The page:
I’m going to host William L. Hahn’s new release “Judgement’s Tale #1: Games of Chance” tomorrow but couldn’t resist participating in this Blog Hop too. Please come back tomorrow so you won’t miss Will’s fun guest post.
Thank you Danyelle Leafty, @DanyellLeafty, for inviting me to the hop. I admire the way you twist fairy tales like pretzels making them more delicious with every turn. If anyone who likes fairy tales hasn’t read on of hers, please do so. They’re really worth it.
So, what is this bloghop about? All over the world, authors (established and up and coming) share details about how and why they write. The reason:
“We writers share these things, but informally during workshops and at conferences (and, for a handful of established writers, in printed interviews), but not so much through our open-forum blogs. With the hashtag #MyWritingProcess, you can learn how writers all over the world answer the same four questions. How long it takes one to write a novel, why romance is a fitting genre for another, how one’s playlist grows as the draft grows, why one’s poems are often sparked by distress over news headlines or oddball facts learned on Facebook…
What am I working on?
I’m currently working on two projects at once. First, I began retelling fairy tales but with a twist. The first two volumes are done but not (yet) translated (see below for my writing process). I hope to start publishing them close to the end of the summer.
Second, I have worked out the kinks in the overall storyline of a Middle Grade time travel series which will have five to ten volumes of roughly 25,000 to 30,000 words. Terry, the main character of the series will be traveling to many interesting but not so well known times in history on her search for her father.
While I’m still polishing, and having my editor go through the texts, I’ll be publishing several short stories that have been collecting on my hard drive during the last year. They are rather diverse. 😉
How does it differ from others of its genre
The fairy tales have twists I haven’t encountered yet. I read thousands of fairy tales from many cultures when I was younger and still love the diversity found in the old stories. The first volume will contain a retelling of “Snow White and Rose Red” from the dwarf’s point of view (who is not even half as evil as you might think) plus a bonus short story about Rumpelstiltskin. The second volume is a retelling of “The Beauty and the Beast” in a steampunk setting. Both were a lot of fun to write. At the moment, I’m using stories that are not entirely unknown but that might change at some point. I plan to include the original tale in the finished eBook for those who’ve never heard of it.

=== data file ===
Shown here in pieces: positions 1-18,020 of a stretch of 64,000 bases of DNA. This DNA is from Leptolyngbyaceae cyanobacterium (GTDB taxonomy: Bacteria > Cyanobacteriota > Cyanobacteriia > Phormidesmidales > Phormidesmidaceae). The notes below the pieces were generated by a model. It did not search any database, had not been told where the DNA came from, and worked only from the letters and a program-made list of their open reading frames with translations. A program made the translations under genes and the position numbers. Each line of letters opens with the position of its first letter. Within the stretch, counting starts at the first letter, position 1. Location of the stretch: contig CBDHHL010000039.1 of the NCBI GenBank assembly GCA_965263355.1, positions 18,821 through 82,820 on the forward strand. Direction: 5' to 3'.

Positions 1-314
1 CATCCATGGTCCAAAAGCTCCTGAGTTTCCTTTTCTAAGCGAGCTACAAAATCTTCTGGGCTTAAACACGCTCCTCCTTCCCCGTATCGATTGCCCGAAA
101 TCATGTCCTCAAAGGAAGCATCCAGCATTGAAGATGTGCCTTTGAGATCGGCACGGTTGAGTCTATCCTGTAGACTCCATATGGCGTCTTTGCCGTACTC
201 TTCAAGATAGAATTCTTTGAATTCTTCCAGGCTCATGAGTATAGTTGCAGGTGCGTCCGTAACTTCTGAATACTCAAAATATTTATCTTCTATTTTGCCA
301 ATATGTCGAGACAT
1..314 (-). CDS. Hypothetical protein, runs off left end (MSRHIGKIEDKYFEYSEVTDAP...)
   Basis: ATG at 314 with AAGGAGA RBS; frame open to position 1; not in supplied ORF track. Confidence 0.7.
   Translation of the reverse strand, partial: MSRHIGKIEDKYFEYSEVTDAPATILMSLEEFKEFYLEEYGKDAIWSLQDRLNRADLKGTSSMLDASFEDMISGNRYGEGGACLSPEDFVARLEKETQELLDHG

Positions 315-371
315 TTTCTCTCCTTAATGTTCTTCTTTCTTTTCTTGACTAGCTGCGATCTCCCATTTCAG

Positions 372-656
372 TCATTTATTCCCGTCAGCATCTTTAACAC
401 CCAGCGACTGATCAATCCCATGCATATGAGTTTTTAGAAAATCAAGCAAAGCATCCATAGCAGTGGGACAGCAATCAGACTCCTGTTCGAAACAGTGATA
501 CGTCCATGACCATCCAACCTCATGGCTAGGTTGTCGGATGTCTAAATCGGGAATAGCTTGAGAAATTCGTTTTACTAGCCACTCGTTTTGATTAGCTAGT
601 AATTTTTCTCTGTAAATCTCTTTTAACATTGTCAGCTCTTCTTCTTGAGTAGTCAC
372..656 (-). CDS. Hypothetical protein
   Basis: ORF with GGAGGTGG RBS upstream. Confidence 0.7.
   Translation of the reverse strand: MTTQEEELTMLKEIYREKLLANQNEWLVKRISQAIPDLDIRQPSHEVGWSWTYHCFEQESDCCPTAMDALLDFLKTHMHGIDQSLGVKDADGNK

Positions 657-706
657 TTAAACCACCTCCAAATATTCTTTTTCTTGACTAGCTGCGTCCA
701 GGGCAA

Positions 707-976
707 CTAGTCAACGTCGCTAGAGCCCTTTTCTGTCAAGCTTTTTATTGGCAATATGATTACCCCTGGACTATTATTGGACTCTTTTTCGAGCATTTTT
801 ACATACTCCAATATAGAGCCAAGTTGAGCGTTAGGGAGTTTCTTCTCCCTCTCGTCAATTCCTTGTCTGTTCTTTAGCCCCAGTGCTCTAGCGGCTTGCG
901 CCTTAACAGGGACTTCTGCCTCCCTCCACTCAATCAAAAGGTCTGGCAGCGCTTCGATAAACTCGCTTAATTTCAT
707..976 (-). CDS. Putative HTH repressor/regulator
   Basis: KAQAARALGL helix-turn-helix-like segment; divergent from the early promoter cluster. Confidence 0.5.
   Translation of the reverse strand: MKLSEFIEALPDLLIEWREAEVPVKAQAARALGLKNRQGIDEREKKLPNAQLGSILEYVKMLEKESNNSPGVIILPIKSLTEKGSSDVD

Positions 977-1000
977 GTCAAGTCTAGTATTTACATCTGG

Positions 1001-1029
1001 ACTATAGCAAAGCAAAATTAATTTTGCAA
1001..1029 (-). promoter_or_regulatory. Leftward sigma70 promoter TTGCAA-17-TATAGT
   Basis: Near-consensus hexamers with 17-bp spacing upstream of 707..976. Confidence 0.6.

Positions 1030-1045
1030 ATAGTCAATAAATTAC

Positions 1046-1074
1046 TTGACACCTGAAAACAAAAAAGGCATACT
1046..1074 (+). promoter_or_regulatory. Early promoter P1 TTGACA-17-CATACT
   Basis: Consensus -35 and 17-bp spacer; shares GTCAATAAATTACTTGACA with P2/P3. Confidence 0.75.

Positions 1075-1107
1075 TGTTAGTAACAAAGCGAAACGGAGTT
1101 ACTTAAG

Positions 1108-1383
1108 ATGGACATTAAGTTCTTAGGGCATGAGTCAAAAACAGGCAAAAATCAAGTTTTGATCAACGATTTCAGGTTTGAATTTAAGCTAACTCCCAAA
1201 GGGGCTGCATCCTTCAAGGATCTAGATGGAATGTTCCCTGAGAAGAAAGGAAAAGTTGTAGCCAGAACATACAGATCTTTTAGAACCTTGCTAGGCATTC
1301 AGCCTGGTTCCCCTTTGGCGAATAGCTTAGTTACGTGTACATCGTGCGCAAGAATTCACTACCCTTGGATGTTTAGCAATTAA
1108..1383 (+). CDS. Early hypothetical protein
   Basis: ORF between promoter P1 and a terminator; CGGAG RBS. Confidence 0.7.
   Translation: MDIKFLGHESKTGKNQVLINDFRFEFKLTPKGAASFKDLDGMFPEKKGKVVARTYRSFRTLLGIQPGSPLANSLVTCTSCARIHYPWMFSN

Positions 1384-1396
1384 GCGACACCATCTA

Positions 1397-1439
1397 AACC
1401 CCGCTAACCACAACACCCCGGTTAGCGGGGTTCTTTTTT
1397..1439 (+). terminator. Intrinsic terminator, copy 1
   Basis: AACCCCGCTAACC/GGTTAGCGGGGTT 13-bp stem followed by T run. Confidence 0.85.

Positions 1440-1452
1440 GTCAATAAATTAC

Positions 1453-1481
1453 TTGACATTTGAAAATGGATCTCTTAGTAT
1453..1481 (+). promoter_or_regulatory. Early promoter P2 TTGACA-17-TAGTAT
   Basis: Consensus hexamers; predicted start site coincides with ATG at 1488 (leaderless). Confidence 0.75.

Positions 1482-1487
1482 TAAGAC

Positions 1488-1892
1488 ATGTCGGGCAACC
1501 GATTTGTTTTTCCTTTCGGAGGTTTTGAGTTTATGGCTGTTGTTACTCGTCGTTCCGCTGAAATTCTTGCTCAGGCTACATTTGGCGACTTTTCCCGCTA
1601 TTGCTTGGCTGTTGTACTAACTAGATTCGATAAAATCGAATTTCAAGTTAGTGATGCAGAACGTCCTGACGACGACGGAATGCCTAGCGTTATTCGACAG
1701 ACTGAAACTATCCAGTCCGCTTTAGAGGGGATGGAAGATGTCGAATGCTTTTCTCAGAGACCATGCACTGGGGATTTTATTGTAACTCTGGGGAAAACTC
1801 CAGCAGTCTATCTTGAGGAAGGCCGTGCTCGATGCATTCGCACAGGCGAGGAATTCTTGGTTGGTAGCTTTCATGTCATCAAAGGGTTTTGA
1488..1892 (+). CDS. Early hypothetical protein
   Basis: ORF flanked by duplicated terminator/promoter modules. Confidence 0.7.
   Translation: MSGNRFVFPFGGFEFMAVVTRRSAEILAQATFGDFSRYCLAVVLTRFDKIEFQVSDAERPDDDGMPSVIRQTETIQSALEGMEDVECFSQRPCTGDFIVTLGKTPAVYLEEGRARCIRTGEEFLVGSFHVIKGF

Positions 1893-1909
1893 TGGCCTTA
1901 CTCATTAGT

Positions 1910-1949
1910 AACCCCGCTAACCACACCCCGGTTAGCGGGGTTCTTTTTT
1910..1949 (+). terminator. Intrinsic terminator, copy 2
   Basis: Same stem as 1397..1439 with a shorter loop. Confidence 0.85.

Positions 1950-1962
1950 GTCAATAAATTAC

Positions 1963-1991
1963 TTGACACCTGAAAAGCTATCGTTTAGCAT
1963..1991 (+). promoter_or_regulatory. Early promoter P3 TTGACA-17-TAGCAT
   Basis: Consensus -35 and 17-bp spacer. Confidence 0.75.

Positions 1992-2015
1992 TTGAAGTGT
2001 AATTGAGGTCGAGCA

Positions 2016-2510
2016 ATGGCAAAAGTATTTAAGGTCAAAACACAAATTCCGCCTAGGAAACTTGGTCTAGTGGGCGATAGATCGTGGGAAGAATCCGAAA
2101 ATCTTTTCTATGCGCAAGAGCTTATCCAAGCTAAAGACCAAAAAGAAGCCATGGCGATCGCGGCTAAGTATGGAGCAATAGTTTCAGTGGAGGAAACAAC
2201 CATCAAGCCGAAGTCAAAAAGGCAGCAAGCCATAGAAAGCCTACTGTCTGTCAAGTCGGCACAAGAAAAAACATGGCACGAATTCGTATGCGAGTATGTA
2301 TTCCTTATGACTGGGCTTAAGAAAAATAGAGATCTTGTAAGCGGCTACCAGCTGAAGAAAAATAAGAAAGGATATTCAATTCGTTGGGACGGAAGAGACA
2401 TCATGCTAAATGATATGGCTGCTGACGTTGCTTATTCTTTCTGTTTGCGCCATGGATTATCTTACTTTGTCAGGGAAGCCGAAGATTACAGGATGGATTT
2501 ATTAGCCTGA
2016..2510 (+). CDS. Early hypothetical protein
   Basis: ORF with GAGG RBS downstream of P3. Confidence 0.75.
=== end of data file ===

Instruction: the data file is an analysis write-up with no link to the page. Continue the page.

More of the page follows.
The time travel story will be very different from other MG time travels. It will not be like “The Magic Treehouse” for example since there will be an overarching problem the main character faces. Although the episodes can stand on their own, they all build on each other. Also, the historical time my main character visits will always be meticulously researched. I want these books to be so entertaining that the readers won’t even notice they learned something about history before they set the finished book aside. I’m a big fan of learning with fun, and what more fun is there than an entertaining story. 😉
Why do I write what I do?
I’ve read so many books, I’ve lost count. Most of them were mediocre or just didn’t fit my taste. Since I had been writing stories ever since I learned my alphabet, becoming an author and writing the kind of books I would love to read myself, was the only sensible option. I’ve been striving to write the best books possible ever since.
How does my writing process work?
When an idea has congealed to something worth writing about in my mind, I sit down and condense the whole idea into a single sentence of 30 words or less. Then, I work out scene cards (my scenes average at 1500 words, so that makes 10 cards for every planned 15K words). The most important bit that goes on each scene card are the scene’s main character and conflict. When I have the whole plot laid out, I start writing (usually one scene per day) the first draft in English. During this time, it often happens that I have to adjust my scene cards, move them around, cut or replace them, or change the conflict or the character.
Once the first draft is done, I set it aside and let it simmer for a while. Then, I start revision (Which usually takes much longer than writing the first draft). When I’m done with that, I send the file to my editor and start translating the story back into German, my native tongue. As son as I finish the translation, I incorporate the changes sugessted by my editor in both language versions and then send both versions to their appropriate proof readers. The, I hand-code them into ePub, mobi and print ready files and get started on the next book. When I’ve got some spare time, I do a little marketing. However, spare time is hard to come by in a family of five…
Finally, I’m passing the staff on to my fellow writers who will be posting a week from now:
1. Carole Engelhaupt (will follow)
2. Mildred R Holmes writes fantasy in a world called ‘Niiganabiik’s World. ” She published a collection of short stories “Stories of the People – Niiganabiik’s World” at JukePop Serials jukepop.com/home/read/2197. She writes a monthly column “Minute with Millie” for the Bois Forte News and manages four blogs. Her author blog is www.niiganabiiki.com. Her author pages are www.facebook.com/MildredRHolmes and google.com/+NiiganabiikBlogspot. Twitter handle @niiganabiik.
She was born and raised on a reservation, is Bear Clan of the Anishinabeg, and has a lot of stories to tell. She is an active member of NaNoWriMo, a project she believes is helpful for writers.